By when will Kenshin9000 (or anyone else) “defeat all chess bots” using LLMs? (Permanent)
2024, by Election Day
2025 or earlier
2026 or earlier
2027 or earlier
2028 or earlier
2029 or earlier
2030 or earlier
2040 or earlier
2050 or earlier
2100 or earlier

This market resolves each option as NO if the date passes and Kenshin9000 (or anyone) has not defeated stockfish with an LLM-based chess engine.

All remaining options resolve YES once an LLM-based engine defeats stockfish (or top engine).

My resolution criteria are more strict than Mira’s:

  1. The LLM engine must have higher ELO than the latest stockfish (or whatever the top engine is at resolution time) at blitz timings with 99.9% confidence and be reproduced by 3+ people.

  2. The LLM engine must not use another chess engine at runtime.

For the purposes of this market, Large Language Models are 100M+ parameter general-purpose generative text models. A fine-tune of an LLM is ok, but the model cannot be solely trained on chess data. An LLM-based engine may use search, but node evaluation must be performed by invoking the LLM on each node (similar to AlphaZero, which is a DNN+search).

The LLM engine and Stockfish will run on the same hardware with the same time controls. The testing hardware should be either a commodity desktop or equivalent to the TCEC or other popular chess software tournament standards.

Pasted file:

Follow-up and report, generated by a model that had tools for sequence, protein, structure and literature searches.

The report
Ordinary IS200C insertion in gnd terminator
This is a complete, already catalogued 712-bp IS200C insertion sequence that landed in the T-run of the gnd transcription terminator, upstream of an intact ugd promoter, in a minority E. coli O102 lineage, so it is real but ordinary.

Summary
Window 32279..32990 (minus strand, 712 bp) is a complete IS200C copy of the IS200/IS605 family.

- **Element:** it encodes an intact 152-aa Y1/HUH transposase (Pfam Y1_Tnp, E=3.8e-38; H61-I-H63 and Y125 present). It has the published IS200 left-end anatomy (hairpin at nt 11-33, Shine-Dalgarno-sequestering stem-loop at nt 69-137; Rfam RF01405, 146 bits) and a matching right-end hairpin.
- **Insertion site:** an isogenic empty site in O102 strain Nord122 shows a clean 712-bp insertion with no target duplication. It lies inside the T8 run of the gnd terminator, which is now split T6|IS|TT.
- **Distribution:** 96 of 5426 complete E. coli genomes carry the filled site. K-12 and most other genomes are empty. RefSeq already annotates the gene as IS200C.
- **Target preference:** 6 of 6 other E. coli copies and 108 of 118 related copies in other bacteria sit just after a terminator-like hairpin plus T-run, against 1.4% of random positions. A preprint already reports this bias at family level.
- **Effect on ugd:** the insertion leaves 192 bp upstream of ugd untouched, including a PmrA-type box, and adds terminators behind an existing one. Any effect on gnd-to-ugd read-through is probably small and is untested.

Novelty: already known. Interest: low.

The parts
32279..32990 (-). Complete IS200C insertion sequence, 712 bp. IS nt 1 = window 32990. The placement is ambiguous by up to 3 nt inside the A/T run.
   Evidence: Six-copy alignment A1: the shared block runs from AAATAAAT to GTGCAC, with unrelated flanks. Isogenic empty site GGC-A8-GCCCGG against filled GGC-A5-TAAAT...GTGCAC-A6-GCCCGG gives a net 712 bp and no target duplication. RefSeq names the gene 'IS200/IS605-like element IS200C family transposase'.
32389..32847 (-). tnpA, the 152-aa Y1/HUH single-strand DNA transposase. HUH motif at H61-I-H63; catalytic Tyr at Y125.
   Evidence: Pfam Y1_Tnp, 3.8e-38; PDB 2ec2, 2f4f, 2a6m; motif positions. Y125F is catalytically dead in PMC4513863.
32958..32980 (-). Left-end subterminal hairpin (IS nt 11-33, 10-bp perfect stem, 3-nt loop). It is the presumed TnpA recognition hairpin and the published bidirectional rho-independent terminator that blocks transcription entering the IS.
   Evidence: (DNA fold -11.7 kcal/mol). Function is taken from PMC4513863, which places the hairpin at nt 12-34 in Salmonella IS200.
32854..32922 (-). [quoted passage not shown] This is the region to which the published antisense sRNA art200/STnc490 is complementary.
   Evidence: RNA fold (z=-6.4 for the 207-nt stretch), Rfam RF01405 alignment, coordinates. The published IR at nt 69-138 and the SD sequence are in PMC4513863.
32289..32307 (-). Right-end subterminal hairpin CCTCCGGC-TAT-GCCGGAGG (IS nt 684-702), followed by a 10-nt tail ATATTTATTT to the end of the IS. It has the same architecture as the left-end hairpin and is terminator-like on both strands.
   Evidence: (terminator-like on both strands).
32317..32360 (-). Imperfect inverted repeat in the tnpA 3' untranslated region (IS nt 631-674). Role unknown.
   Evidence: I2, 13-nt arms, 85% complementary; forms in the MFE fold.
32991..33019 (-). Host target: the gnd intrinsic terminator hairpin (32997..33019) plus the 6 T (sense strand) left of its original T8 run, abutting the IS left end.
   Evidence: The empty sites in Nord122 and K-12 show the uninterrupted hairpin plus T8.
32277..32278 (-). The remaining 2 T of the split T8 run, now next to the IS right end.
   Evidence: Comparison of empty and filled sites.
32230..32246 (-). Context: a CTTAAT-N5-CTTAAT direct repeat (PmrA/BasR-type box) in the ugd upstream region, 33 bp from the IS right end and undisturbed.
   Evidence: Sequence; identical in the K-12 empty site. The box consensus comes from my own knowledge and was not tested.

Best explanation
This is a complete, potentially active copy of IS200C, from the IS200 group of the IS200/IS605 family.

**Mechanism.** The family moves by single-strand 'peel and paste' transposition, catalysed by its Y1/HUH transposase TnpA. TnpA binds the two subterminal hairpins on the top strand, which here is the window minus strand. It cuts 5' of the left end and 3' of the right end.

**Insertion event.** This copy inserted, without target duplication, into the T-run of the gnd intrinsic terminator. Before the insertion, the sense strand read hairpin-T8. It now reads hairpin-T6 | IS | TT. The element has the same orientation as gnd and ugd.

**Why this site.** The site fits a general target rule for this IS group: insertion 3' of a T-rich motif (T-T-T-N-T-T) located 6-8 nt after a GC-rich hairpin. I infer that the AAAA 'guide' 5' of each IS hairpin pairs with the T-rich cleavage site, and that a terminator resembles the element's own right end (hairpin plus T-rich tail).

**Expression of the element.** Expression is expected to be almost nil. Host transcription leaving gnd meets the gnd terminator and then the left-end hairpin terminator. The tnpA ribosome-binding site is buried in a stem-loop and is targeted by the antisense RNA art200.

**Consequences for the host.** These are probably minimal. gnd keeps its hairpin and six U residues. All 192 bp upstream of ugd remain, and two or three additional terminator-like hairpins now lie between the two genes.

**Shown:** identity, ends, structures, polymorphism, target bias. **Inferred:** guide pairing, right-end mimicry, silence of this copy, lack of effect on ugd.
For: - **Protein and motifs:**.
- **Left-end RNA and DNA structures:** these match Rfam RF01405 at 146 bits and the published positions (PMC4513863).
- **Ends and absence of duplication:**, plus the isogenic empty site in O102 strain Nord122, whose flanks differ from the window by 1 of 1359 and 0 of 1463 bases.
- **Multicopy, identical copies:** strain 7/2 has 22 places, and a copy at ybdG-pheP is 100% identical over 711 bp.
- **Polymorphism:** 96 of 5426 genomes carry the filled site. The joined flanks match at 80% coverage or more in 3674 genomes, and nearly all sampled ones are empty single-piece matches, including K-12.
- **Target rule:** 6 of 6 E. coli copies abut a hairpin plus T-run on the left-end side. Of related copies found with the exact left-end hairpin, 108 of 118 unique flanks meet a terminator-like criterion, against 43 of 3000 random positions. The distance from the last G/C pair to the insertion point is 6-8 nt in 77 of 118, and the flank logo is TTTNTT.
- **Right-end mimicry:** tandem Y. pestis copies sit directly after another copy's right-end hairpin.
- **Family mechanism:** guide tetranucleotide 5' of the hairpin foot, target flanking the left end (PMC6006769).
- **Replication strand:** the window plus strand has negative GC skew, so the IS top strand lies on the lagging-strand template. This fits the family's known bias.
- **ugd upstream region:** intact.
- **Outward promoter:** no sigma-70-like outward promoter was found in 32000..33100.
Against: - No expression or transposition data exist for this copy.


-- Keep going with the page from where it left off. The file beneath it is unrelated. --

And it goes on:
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No incentive for long term bets anymore, but I think this market should be much lower

@someonec5dd the jig is up, no more free Mana 📉

@jgyou what?

@jgyou lol, that's not the end of free mana. More like the end of loans.

What is definition of LLM engine? Model trained on generic textual data? Can it have other components or must it be pure LLM model?

@Weezing An LLM engine is a chess engine which uses an LLM for node evaluation. It may still use search, but can’t use a non-LLM evaluation function.

@Paul And what is LLM in this context? Can it be trained just on chess specific text (for example chess notation)? Or just generic text?

@Weezing Great question. I’d say that it has to be a /language/ model, meaning general purpose, not chess-only training. A fine tune of a general purpose language model is fine, but a chess-only transformer model is not.

@Paul Wait a sec, this is completely different than what I thought the market was about when I bet! I thought we were betting on whether a LLM by itself could defeat stockfish, not a search engine that uses an LLM just for node eval. I wouldn't think of that as an LLM engine.

Like, taking AlphaGo as an example, it uses a neural net to direct the monte carlo tree search, so it's like half a neural net engine - the other half being the monte carlo tree search of course, which is also crucial to its success. I think calling AlphaGo a "neural network engine" would still be misleading. But using an LLM just for node eval is far less an LLM engine than AlphaGo is a neural network engine.

Also, what's stopping someone from just running the LLM engine run with a ton more compute = more depth than stockfish and "winning" that way? Are you requiring that they use the same amount of compute?

Btw I think the question of whether LLM+search can beat stockfish is much more interesting (because it's more plausible to actually happen), I just think it's extremely unclear from the question description.

@jack thanks for the feedback. I have updated the description to clarify the engine definitions and hardware/timing constraints.

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